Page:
2021 Flash Fiction Winners
“It took one hundred and four seconds but felt longer. She knew something was wrong within twenty-five.” –Máiréad Hurley
The quality of the writing was high. We had some wonderful stories from both experienced and emerging writers. Good job! We are proud of our winners, finalists, and everyone who had the courage to submit. Thank you for sharing your work with us and thanks to the judges.
It took one hundred and four seconds but felt longer. She knew something was wrong within twenty-five.
At 15,000 feet, she heard her father’s voice: Just notice your fear. She was terrified, she noticed. Both arms were tugging frantically, she noticed. At an untethered cord, she noticed. The wind slashed through her, silencing the screams that burned her throat. Just notice. Breathe. She closed her mouth. There was nothing she could do. She was going to die.
The problem with accepting death with seventy-one seconds left is that it’s hard to know what to do with the time.
What should she think? She had considered her last words many times: daydreamed- as we all have- about the wisdom she might impart on her (as yet non-existent) grandchildren from a hospice bed if life was long, and death gave fair warning. Or, if there was a tragic accident, how her (as yet non-existent) husband would hold her as she bled and whisper a romantic goodbye. She had always liked the idea of a death-bed confession, but her life had been quite dull, and she didn’t have a good secret. At least it’s not a dull death, she thought, somewhat proudly, and this cheered her up.
8,100 feet. Fifty-one seconds. He would have told her to be mindful, to be present. To try to clear her mind but not judge thoughts that come. Just notice them.
What was the name of that woman who survived a free fall?
From the Guinness Book of Records. V- something?
The best part of waking up is Folgers in your cup.
Last moments. What should I be thinking?
I suppose I won’t have an open casket.
Velma? No, it was more European.
I’ll never see Spurs win the league.
Did I only do this for Instagram?
3,000 feet. There’s the ground.
I told mum I loved her today.
Vivian? It doesn’t matter.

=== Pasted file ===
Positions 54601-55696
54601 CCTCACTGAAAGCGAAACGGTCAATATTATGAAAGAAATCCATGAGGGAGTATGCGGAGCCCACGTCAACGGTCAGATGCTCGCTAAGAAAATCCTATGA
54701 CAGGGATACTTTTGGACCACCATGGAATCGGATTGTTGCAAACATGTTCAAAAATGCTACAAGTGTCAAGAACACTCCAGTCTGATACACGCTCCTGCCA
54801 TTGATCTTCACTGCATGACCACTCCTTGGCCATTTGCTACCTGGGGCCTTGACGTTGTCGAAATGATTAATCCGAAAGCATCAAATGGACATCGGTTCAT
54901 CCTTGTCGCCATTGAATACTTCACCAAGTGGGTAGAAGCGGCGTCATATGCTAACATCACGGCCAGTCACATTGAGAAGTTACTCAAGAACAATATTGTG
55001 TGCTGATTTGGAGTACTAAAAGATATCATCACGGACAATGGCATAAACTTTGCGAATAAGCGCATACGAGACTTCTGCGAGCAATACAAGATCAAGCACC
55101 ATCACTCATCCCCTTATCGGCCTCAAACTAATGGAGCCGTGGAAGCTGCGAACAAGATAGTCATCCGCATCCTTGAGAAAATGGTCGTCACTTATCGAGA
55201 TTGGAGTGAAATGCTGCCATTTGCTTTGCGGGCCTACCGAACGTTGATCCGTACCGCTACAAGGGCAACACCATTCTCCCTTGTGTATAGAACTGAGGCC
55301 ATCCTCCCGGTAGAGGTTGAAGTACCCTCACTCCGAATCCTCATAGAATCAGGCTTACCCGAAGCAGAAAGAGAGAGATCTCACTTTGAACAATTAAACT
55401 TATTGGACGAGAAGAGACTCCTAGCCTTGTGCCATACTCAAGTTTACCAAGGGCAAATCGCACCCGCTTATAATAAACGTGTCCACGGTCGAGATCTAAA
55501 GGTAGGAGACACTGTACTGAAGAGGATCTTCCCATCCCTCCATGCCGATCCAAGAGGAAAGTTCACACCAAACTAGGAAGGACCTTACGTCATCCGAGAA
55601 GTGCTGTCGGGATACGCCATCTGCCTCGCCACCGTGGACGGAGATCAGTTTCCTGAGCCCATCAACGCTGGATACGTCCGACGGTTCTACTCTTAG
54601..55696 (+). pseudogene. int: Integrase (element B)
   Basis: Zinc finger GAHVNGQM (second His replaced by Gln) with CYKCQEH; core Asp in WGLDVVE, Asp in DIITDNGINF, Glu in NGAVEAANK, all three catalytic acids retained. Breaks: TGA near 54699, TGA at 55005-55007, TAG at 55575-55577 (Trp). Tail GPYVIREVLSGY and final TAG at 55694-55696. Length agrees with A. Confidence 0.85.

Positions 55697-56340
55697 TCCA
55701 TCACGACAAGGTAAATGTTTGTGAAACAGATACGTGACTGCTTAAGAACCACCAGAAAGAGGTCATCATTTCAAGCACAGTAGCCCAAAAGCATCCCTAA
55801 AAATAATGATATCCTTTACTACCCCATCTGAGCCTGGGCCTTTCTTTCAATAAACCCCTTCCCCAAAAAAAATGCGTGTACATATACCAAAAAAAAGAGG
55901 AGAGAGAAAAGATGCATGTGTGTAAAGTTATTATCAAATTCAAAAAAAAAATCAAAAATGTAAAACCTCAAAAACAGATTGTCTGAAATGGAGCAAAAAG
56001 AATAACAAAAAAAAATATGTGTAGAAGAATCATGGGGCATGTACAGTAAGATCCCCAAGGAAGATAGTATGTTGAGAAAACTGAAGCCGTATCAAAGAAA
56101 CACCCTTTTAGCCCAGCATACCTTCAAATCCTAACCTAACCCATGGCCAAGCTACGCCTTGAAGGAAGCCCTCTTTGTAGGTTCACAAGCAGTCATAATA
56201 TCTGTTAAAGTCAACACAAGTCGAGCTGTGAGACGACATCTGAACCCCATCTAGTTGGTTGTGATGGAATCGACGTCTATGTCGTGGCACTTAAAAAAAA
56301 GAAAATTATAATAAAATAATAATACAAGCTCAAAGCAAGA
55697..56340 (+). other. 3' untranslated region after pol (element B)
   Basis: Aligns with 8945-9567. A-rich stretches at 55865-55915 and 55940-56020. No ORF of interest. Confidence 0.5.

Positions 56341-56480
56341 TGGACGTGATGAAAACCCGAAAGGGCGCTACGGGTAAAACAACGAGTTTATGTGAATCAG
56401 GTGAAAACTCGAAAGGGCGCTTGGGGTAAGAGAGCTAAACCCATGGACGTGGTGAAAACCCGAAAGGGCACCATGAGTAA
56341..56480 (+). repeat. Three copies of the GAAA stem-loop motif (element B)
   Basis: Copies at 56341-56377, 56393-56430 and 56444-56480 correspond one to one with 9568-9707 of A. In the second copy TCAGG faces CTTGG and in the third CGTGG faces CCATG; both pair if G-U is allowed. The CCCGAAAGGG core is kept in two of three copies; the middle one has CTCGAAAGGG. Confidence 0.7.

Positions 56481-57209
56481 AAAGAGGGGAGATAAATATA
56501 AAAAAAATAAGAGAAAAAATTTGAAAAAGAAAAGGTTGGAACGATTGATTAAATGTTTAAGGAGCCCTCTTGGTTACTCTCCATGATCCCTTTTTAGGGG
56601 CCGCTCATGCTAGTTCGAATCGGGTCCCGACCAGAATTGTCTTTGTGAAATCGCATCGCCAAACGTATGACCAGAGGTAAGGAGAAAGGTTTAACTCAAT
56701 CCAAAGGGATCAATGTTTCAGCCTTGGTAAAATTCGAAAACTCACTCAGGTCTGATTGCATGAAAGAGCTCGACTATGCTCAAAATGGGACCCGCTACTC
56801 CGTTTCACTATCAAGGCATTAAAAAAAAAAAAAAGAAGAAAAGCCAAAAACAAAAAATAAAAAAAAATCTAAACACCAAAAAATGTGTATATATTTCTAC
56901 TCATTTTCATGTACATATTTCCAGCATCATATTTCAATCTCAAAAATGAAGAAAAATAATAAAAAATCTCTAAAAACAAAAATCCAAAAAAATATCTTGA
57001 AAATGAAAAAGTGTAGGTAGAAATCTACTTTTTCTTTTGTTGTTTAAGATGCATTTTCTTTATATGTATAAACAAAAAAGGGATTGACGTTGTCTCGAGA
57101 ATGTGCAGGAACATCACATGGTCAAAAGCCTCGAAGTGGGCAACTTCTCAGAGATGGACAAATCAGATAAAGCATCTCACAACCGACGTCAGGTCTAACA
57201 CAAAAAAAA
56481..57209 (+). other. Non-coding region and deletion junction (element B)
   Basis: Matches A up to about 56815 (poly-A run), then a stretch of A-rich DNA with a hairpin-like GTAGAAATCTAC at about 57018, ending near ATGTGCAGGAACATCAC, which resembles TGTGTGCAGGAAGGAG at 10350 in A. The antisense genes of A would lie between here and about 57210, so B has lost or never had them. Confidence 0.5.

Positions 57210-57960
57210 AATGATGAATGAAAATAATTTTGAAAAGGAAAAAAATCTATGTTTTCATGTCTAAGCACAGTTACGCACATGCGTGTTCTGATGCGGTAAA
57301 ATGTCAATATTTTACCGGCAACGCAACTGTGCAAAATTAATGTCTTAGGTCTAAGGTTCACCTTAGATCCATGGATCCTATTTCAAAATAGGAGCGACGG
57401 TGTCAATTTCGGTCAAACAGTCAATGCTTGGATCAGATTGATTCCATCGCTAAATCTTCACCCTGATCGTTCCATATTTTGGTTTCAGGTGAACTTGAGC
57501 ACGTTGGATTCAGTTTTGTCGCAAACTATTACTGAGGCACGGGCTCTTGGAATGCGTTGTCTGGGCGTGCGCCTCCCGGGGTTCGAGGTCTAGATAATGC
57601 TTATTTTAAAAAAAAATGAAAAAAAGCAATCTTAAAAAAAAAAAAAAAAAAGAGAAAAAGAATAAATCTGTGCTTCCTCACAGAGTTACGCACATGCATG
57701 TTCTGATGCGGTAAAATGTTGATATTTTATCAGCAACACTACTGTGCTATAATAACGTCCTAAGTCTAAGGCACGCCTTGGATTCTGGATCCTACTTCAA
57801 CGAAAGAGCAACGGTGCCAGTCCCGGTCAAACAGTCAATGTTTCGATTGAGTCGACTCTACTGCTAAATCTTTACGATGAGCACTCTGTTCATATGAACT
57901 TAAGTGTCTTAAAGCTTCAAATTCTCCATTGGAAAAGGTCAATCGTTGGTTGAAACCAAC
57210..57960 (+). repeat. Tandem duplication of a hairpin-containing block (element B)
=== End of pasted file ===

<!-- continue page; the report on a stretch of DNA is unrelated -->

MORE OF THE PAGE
Ten feet. Should I pray?
Has Brexit happened?
Our Father, who art-
Máiréad Hurley is an emerging writer from the United Kingdom. She lives, works, and studies in North Carolina. Her writing is primarily concerned with identity and transition, and will be appearing in a number of publications, including The Bacopa Literary Review and an anthology by The Hawkins Project.
The Second Miss Thompson
By Emma Grace
When the second Miss Thompson teaches Rebecca to class 11C, she avoids discussing the erotic undertones. The other day she explained what ‘phallic’ meant and chaos engulfed the room. It started with wolf-whistling and jeers, moved onto chants of ‘Perv! Perv! Perv!’ and ended with one boy dry-humping the bookcase.
Instead, the second Miss Thompson talks about tension, gothic imagery, the ‘perfect’ past being impossible to preserve – how rot will always settle in. In return she’s greeted with blinking, blank eyes, mouths chewing gum, pens and, on one occasion, an actual Nandos chicken leg.
She fields endless questions about Netflix’s new Rebecca movie. (‘How can Rebecca be fitter than Lily James?’, ‘Why is Danvers such a straight up bitch?’ ‘For real… did Armie Hammer eat someone?’)
‘Where’s Miss Thompson?’ They asked when she first walked in, their eyes widening and bodies bristling.
‘I’m here,’ she’d replied, genuinely confused.
Outrage ricocheted around the room like fireworks as she stood frozen at the front. It took nine minutes and two teaching assistants to get them quiet and seated again.
And so it was explained to her, No, she couldn’t be Miss Thompson because Miss Thompson was their realteacher. The teacher whose tatty copy of Rebecca was still on the desk, whose perfume, tampons and brown lipstick remained in the desk’s bottom drawer and whose looped, flamboyant handwriting was still on the board. She was the second Miss Thompson.